And within hours of getting that lab work completed, we then boarded the ship and said bon voyage Canada!
Crossing the Pacific and into Pregnancy Symptoms
After stopping into Alaska for a day, we received an email from LabCorp Vancouver with positive news about the pregnancy.
Cheers to that!
Embarking from the North American continent, concerns grew about crossing the world’s largest ocean at the exact same timeframe when morning sickness tends to set in. Motion sickness can worsen morning sickness.
Meanwhile, storms that churn up the northern Pacific waters can create rough seas on this route. That’s exactly what happened during the midst of our 17-day transpacific crossing.
But we really lucked out in the morning sickness department. Not all women experience morning sickness. Maybe our developing baby liked all the rocking. Because there thankfully wasn’t a single prayer made to the porcelain god during this cruise!
The transpacific voyage did not go without some mild nausea. And pregnancy books suggest that eating small meals often can ease pregnancy nausea. So what better place to accomplish that than on a cruise with free room service and a seemingly endless buffet? Yes, please!
The nearly two weeks out at sea had provided such a comfortable way to get into the swing of new bodily changes as the pregnancy progressed. Eventually the seas calmed as we approached Russian waters. We completed the crossing well-rested and it was time to go roaming around Japan!
No Sushi & Sake in Japan – But Praying to Monsters Helps Breast Milk Production
Traveling Japan early in this pregnancy brings about some of our best memories of this grand trip. Japan remains one of our favorite countries to travel and this visit only strengthened those sentiments.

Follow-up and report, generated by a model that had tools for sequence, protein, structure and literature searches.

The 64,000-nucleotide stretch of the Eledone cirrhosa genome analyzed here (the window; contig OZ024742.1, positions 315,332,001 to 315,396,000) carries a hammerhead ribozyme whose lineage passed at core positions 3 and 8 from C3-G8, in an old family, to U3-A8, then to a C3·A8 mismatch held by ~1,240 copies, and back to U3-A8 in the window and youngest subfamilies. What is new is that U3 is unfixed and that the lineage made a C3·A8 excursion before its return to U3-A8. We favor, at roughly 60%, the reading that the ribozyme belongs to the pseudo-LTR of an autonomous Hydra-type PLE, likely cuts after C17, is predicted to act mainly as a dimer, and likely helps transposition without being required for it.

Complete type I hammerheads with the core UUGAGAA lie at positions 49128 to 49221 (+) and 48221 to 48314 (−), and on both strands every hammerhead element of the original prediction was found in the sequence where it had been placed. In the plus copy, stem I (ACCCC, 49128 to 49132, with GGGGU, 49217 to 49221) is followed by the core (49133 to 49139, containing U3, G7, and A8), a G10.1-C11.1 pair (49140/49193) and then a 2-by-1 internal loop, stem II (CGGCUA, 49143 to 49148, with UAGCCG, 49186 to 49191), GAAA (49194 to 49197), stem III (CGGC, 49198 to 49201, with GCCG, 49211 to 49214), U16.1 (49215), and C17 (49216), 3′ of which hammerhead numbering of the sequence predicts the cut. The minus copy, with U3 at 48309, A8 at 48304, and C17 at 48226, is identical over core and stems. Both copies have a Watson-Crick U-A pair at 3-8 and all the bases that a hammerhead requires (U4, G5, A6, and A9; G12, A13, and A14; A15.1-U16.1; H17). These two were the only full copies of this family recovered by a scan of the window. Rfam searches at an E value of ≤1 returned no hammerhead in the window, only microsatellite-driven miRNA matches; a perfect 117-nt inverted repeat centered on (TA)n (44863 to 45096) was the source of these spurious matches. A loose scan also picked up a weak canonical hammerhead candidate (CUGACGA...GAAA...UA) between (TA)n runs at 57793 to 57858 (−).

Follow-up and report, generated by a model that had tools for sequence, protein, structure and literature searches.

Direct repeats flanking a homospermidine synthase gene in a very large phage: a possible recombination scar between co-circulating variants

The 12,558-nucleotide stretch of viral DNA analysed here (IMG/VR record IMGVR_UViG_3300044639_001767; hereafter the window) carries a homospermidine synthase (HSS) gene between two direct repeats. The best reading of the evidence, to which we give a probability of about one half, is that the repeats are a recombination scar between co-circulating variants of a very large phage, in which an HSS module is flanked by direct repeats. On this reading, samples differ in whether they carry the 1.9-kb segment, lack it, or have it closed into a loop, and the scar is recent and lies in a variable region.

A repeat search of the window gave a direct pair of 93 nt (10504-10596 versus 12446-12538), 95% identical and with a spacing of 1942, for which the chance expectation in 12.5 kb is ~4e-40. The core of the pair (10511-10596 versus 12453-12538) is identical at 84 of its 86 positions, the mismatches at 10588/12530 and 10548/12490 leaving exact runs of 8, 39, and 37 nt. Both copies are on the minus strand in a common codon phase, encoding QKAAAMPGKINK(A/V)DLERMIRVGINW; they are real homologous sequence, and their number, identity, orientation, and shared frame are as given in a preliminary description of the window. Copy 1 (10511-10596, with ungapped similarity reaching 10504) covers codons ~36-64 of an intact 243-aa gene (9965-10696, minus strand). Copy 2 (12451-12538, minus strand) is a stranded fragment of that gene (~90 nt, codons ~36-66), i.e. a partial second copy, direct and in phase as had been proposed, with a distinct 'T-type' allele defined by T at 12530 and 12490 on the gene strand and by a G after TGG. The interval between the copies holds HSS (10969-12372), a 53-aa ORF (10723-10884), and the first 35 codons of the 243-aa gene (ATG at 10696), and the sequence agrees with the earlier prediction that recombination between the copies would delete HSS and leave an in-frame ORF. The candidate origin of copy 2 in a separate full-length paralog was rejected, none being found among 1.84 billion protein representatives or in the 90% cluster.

Yet arriving to Japan was also a stark reminder of dietary restrictions while pregnant. It’s often advised to avoid raw fish during pregnancy due to a tiny, but serious, risk of bacteria and parasites. Plus, an abundance of mercury from certain fish, like tuna, is also a no-no.
So it was tuna donburi for one!
Thankfully there is so much yummy Japanese food that is entirely safe during pregnancy. No one should ever go hungry in what we tout as one of the top foodie countries in the world. Ramen was a daily occurrence. But we left plenty of room for shabu shabu, tonkatsu, okonomiyaki, and other Japanese favorites.
But, of course, alcohol is another no-no. Our weekly #ThirstyThursday tradition quickly became a solo activity. Sake was definitely out. Yet Japan taught us that non-alcoholic beers can be a fun option. A visit to the Sapporo brewery introduced us to a particularly tasty 0% rendition of their namesake brew.
Our travels throughout Japan centered around the lesser-visited Tōhoku region, where we were able to pursue some interesting adventures in far-flung areas. Yet perhaps the most unusual of all, was our deliberate trek way out to the middle of nowhere in attempts to achieve good fortune for producing breast milk.
We had read about natural pools that form in a stream, known to be a place where folkloric kappa creatures hangout. These turtle-looking imps are devious little monsters that are known to eat children.